created Nov 10, 2019
After years of pondering and wanting, I finally have my own, homemade, cross-body shoulder bag that I can use for birdwatching, travel, etc. It's smaller than I want, but that's okay. It's good enough for birdwatching, and I can make more. I'd like to make one that's a little larger.
I began this project on Mar 30, 2019. I crocheted off and on. More off than on. Then I wet-felted the pieces in the washing machine in the late summer. I considered using rivets to attach the strap to the bag, but that failed. I probably need a better rivet system than the cheap kit that I bought.
I wound up hand stitching the strap to the sides of the bag. That was a long, tiring process, probably because of the two layers of wet-felted wool, a dull needle, and the 30-pound Berkley braided fishing line. And I positioned the strap at the bottom of each side of the bag. I probably only needed to place the strap one or two inches down each side. And in the future, space the stitching further apart. My right hand was inflamed with soreness and stiffness after stitching the strap to the bag.
Shoulder bag resting flat on the table.
Viewing down in the bag while it's standing upright.
Relative size compared to scarves, cowls, and shawls.
These are my raw notes that I recorded in a notebook throughout the process. The notes have been lightly edited.
Crochet and wet felt wool cross-body shoulder bag.
Dimensions of green medic canvas bag that I bought many years ago from the Army-Navy surplus store. I have used this bag a lot for travel.
- side width or depth: 3.0 inches
- bag height in the front: 10.5 inches
- bag width: 12.0 inches
- front flap covers approx 75 percent of the front or 8.0 inches. buckle exists at 7 to 8 inches from the top.
- side flap "ears" located at the top of the sides were 4.5 inches long. I'll make mine 2 to 3 inches long.
Need to allow for shrinkage of 10 to 30 percent. Will machine felt in washing machine.
My Chromebook dimensions: 10.25 in x 7.0 in x 0.5 in.
I think that I'll crochet 12 x 10 x 3 and see how much it shrinks. If it ends up 11 x 9 x 2 after shrinking (felting), that will be fine.
I will crochet rectangles and stitch pieces together. Will this shrink differently compared to crocheting the rectangle in the round all as one piece with no seams? I tried this recently, but I ripped out. The sides and ends wound up uneven and warped. I added too many stitches when crocheting around the rectangle swatch.
Basically seamless is crocheting a flat rectangle piece. Then added stitches to one corner and crocheting around all four sides of the rectangle piece with multiple stitches in each corner. This will create a little wall. Then it's simply crocheting one stitch in every stitch, going around the rectangle basket. This causes the sides to go up or for walls to form. It could be a basket, except for a shoulder bag, I would stop going around at some point and along one long side, I would crochet back and forth to make the front flap. Seamless rectangle or at least oblong-shaped bag. The only seams would be the addition of the ears added to the top of each side.
Do the stitched together rectangle pieces provide more strength than crocheting as one piece? Seems like it would, but maybe it does not matter, since the bag will be wet-felted. Seams might be stronger if not wet felted. The bigger question might be whether a seamed bag shrinks differently than a seamless bag.
Would the one piece, seamless bag shrink more evenly? Seems like it might. I wonder if seams impact felting consistency. That's why this first time is a learning experience.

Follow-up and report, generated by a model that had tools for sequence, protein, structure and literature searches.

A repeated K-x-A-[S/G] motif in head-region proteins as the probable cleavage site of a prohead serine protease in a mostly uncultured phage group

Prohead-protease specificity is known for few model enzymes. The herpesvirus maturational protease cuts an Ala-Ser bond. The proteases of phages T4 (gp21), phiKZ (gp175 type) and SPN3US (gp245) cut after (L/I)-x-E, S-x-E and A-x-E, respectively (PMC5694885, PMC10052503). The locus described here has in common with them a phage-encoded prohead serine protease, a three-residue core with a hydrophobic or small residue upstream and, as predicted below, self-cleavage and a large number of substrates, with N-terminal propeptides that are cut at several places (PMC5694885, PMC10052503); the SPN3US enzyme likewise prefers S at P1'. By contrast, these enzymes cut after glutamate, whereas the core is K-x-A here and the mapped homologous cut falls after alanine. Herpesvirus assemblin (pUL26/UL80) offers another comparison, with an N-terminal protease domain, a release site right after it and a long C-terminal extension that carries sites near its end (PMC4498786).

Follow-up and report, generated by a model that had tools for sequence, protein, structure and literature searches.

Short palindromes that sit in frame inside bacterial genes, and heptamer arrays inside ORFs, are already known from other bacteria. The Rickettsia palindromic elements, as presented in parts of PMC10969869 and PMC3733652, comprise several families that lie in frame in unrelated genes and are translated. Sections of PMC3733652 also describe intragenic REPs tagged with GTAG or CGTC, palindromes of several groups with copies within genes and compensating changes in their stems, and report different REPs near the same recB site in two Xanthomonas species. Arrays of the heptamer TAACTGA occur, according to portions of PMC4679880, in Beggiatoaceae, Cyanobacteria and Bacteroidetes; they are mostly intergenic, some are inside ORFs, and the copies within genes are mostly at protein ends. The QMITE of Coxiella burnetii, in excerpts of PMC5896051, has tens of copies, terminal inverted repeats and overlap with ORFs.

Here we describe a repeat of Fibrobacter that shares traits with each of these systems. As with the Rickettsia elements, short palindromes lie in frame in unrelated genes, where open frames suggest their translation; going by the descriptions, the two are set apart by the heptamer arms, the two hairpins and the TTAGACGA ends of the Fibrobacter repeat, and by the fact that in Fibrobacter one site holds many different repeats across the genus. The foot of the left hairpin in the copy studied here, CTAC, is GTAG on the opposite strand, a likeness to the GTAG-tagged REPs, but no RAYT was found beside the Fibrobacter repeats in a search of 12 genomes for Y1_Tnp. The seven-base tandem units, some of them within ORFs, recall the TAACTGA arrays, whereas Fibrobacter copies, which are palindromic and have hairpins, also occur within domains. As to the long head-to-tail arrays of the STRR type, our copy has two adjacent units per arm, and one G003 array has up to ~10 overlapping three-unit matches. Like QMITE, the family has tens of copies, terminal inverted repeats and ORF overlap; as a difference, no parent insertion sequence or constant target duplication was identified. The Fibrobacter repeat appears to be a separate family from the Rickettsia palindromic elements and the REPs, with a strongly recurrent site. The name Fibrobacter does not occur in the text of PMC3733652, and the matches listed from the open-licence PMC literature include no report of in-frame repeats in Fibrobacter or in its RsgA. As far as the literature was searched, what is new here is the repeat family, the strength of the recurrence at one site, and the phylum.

Hook that I will use: I / 9 / 5.5 mm
Yarn: Bartlett from Maine. I bought it in the summer of 2015, during our vacation in Maine. I bought two skeins. One was a medium grey color, and the other was a medium green color. Both seem a bit tweedy. I no longer have the labels, but I remember the labels describing the yarn as Aran weight. When I checked the Bartlett website, I don't see any yarn with that description. The yarn diameter seems slightly larger than a size 4 yarn. It's a tougher wool too. It's not soft, but it should be durable, which is good for a bag. And it was inexpensive yarn. I think that each skein contained over 200 yards of yarn.
I started by crocheting the bottom or the base of the bag.
Chained 40 = 12.0 to 12.5 inches long, depending upon stretching force.
SC into 2nd ch from hook and SC across to end, which meant that I made 39 SC stitches.
After one row of SC, it measured 12.5 inches long.
After second row, it measured 13.25 inches. Odd. This has always been annoying aspect of my crocheting. Maybe I need to switch to a different method for chaining. This is too long for this first time.
My other canvas bag measures: 10.0 x 7.5 x 4.0 inches.
I started over with my base triangle.
CH 32 = 9.25 to 9.50 inches long. 31 SC stitches in the first row. After 3 rows, it was 10.50 inches long.
- (Note: Next time if using the same yarn and if having enough yarn, then chain 36.)
Rows crocheted for the base or bottom rectangle = 9. The rectangle measured 10.25 x 2.75 inches.
- (I'm confused by my hand-written notes. I thought that the above rectangle was the bottom. Whatever. Doesn't matter. I'll continue with some of the raw notes. I kept track of rows by making hash marks in my notebook.)
Number 2 - 9 rows - 10.0 x 2.5 inches.
Number 3 - 9 rows
Front - approx 27 rows is the goal - after 27 rows: 10.0 to 10.25 inches wide and 7.50 to 7.75 inches tall.
- (Next time, I need to take better notes and type them up as I go. Jeesh.)
For the back that was big enough to also cover the top and be the front flap, I added button loops for the front flap.
For this rectangle, since it was a CH 32 which meant making 31 SC stitches per row, followed by a CH 1 to start each row, then I did the following for the two button loops.